Loads of Learned Lumber

Monday, July 21, 2008

Tom McCarthy, _Remainder_

I PICKED THIS one up because it won a prize, of sorts -- most interesting novel of 2007 according to the editors of Believer magazine.  And it is certainly interesting.

The narrator, as a consequence of severe injury in an accident that, for legal reasons, he can't tell us about, but which seems to involve falling airplane parts, find himself millions of pounds richer but also "not himself," so to speak -- that is, an arduous course of rehab that involves analyzing and mindfully, painstakingly executing even his most natural, spontaneous actions has left him feeling as though he no longer fully inhabits his own personhood.

So, he begins spending the money constructing enormous  "re-enactments," with sets, scripts, actors, etc., that allow him for a few seconds or minutes at a time to feel that he is himself again.

The novel raises one good question after another.  Is the narrator an artist?  Is all art mainly an attempt to recapture some fleeting sensation, heavy with meaning when it occurred, that is of its nature not really recoverable?  When, in what conditions, are you "yourself"?  If you have a guess what those conditions are, can you contrive them, artificially (by art) bring them into being and thus through massive effort be yourself?  If you knew you could create a situation in which you could "be yourself," what would you sacrifice to create it?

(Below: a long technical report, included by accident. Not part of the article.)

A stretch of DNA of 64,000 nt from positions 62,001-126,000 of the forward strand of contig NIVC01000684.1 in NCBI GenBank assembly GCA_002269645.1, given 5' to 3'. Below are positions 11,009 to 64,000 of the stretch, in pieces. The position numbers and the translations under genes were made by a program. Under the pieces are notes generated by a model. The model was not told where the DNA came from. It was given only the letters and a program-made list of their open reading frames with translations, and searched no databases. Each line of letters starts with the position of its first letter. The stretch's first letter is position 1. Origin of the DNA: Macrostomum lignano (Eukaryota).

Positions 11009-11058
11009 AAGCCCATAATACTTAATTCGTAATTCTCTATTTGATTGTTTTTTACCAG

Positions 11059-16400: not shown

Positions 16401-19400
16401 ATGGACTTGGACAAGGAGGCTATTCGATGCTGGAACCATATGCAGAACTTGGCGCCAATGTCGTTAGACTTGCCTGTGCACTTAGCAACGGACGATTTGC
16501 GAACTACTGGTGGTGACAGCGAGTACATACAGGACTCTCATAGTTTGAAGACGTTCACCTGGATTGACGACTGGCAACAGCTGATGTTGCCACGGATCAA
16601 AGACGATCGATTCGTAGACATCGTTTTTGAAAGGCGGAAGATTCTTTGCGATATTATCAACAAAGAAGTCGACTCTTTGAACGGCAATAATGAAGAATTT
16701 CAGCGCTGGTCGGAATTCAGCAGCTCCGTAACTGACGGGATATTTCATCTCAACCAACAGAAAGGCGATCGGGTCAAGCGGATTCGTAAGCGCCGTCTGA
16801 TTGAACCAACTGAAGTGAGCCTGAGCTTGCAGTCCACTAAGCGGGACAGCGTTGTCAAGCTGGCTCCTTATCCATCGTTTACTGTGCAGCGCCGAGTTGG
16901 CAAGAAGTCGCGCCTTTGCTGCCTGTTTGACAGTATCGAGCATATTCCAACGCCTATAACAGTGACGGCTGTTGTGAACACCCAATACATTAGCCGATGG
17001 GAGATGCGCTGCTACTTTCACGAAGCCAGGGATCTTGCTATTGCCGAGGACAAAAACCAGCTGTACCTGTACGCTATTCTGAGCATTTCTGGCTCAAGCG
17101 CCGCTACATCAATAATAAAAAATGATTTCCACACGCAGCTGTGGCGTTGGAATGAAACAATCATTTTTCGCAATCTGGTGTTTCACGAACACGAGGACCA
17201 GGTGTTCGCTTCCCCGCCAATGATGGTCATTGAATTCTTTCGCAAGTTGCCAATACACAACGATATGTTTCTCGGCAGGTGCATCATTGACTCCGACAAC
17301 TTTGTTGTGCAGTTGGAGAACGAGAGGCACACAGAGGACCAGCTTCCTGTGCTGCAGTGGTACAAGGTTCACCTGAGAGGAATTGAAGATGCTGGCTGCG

All wrapped up with a disturbing if somewhat open ending.

By the way -- is there some large trend towards protagonists/narrators with some neurological glitch, some kink of cognition and/or memory that shapes the narrative decisively?  Lethem's Motherless Brooklyn qualifies, with its Tourette's Syndrome narrator, and this one does, since the narrator (does he have a name? can't find one) has some kind of neurological impairment due to the accident.  Then there is Mark Shluter in Richard Powers's The Echo Maker, who has something a lot like what the character in the new Rivka Galchen novel has.  Not that I've read it yet, just a review  -- nor have I read The Raw Shark Texts nor The Curious Incident of the Dog in the Nightime, though those are obvious other examples.

This trend seems even taller & wider than that of ten years ago when every other novel included at least an episode, perhaps several chapters,  in post-Iron-Curtain Eastern Europe. 

And then some films as well -- Memento, Eternal Sunshine of the Spotless Mind.

There are precursor texts for this: Poe's "Tell-Tale Heart," Gogol's "Diary of  a Madman," Faulkner's Benjy Compson.  But why so many all at once, just now?

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